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The newspaper of The Johns Hopkins University November 8, 2004 | Vol. 34 No. 11
Chemical Indicators Show High Levels of Bacteria in City Waterways

A report recently released by the Baltimore Sanitary Sewer Oversight Coalition, in conjunction with four Baltimore watershed associations, finds that many urban streams in Baltimore suffer from sewage contamination. The report, authored by Guy Hollyday, chairman of BSSOC, and Christel Cothran, with the Jones Falls Watershed Association, was written to draw attention to the ongoing contamination of city streams, many of which flow through municipal parks and residential areas. The goal of the report is to provide information to help identify ways to better protect our urban waterways from sewage contamination.

Hollyday said, "Citizens should know that at this very moment, as for decades past, we are allowing sewage to flow into our streams — in part because historically we have paid such low water and sewer rates. Every time it rains there are places where sewage overflows. There are many problems to address, and there is much to do."

The water quality report includes findings from research conducted by Rolf Halden, assistant professor in the Department of Environmental Health Sciences at the Johns Hopkins Bloomberg School of Public Health, and Daniel Paull, a research intern and graduate student in the Zanvyl Krieger School of Arts and Sciences. Halden's study, which analyzed water samples from six urban streams, identified several areas where high levels of antimicrobial compounds indicated massive wastewater inputs. Perhaps the study's most alarming discovery was that the water flowing from Gwynns Run into Gwynns Falls was at times chemically indistinguishable from raw sewage. The study was funded by the Johns Hopkins Center for a Livable Future.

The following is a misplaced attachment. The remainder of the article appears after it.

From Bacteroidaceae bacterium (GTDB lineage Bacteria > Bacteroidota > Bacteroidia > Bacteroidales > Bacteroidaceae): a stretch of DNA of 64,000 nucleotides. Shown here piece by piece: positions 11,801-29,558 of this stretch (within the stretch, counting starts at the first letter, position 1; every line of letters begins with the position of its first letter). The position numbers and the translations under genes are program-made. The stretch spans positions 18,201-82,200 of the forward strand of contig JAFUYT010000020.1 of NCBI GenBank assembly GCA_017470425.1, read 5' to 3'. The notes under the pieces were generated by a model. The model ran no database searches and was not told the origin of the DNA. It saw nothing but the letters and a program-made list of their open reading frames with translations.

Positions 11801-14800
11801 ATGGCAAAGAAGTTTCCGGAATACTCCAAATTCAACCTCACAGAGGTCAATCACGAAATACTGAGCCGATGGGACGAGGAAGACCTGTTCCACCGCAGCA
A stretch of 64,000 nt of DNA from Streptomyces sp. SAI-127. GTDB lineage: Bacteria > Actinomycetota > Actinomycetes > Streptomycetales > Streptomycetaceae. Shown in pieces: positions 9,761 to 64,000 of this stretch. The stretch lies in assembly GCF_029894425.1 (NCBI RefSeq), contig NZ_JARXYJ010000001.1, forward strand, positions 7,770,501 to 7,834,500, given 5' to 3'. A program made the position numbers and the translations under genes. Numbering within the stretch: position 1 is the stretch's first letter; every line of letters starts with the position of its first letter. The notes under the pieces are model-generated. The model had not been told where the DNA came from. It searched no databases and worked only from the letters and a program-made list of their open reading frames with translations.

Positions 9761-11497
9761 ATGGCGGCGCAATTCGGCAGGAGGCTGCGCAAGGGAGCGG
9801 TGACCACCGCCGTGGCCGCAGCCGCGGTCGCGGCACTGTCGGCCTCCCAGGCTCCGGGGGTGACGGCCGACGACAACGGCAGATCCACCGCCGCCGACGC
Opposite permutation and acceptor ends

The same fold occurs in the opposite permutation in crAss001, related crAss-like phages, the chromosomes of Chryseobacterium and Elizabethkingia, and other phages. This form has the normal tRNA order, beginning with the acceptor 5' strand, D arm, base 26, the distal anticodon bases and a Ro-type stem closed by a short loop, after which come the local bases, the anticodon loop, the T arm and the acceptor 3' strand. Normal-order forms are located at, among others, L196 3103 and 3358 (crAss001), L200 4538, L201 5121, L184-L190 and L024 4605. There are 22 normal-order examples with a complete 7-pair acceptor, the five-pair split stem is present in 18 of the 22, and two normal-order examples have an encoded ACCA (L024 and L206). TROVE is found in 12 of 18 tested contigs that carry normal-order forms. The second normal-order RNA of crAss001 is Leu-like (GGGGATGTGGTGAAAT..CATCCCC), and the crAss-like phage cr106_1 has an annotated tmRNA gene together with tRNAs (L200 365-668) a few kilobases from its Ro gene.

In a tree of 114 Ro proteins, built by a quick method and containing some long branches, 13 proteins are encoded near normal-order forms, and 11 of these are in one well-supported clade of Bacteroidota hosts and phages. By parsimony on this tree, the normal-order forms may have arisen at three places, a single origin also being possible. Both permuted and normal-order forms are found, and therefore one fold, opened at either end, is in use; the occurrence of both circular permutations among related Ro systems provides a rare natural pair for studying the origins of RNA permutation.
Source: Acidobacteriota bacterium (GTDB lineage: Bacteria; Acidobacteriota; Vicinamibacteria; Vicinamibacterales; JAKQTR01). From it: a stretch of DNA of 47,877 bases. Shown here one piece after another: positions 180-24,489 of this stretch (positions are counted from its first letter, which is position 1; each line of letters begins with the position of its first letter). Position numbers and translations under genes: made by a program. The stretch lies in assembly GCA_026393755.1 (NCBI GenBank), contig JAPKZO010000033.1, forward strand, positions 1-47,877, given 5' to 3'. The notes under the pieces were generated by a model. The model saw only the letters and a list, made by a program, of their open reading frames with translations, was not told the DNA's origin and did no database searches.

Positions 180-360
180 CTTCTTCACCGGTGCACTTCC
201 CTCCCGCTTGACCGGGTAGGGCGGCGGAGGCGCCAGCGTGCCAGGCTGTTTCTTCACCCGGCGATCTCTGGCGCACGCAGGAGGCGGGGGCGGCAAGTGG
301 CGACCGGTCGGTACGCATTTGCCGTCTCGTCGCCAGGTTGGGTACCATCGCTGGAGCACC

"This report is important because it presents scientific evidence of unhealthy levels of pollution from sewage," Halden said. "We've known we have sewage problems. This report will help us recognize the opportunities we have to solve them."

Sewage discharges caused by storm overflows and an aging infrastructure allow untreated human waste and personal care products to flow into local creeks and streams. According to a September 2002 U.S. Justice Department consent decree, Baltimore City has until 2016 to significantly reduce sewage overflows. The cost of the work, estimated at $1.3 billion, will be paid for by increases in residents' water and sewer rates.

Each year, there are about 100 overflows into local streams and many more sewage backups into private homes from various causes — sometimes from defects on owners' properties, sometimes from backups in city mains.

"I hope this report will raise public awareness of potential human health risks and focus resources and actions to address water-quality problems caused by sewage spills," Halden said.


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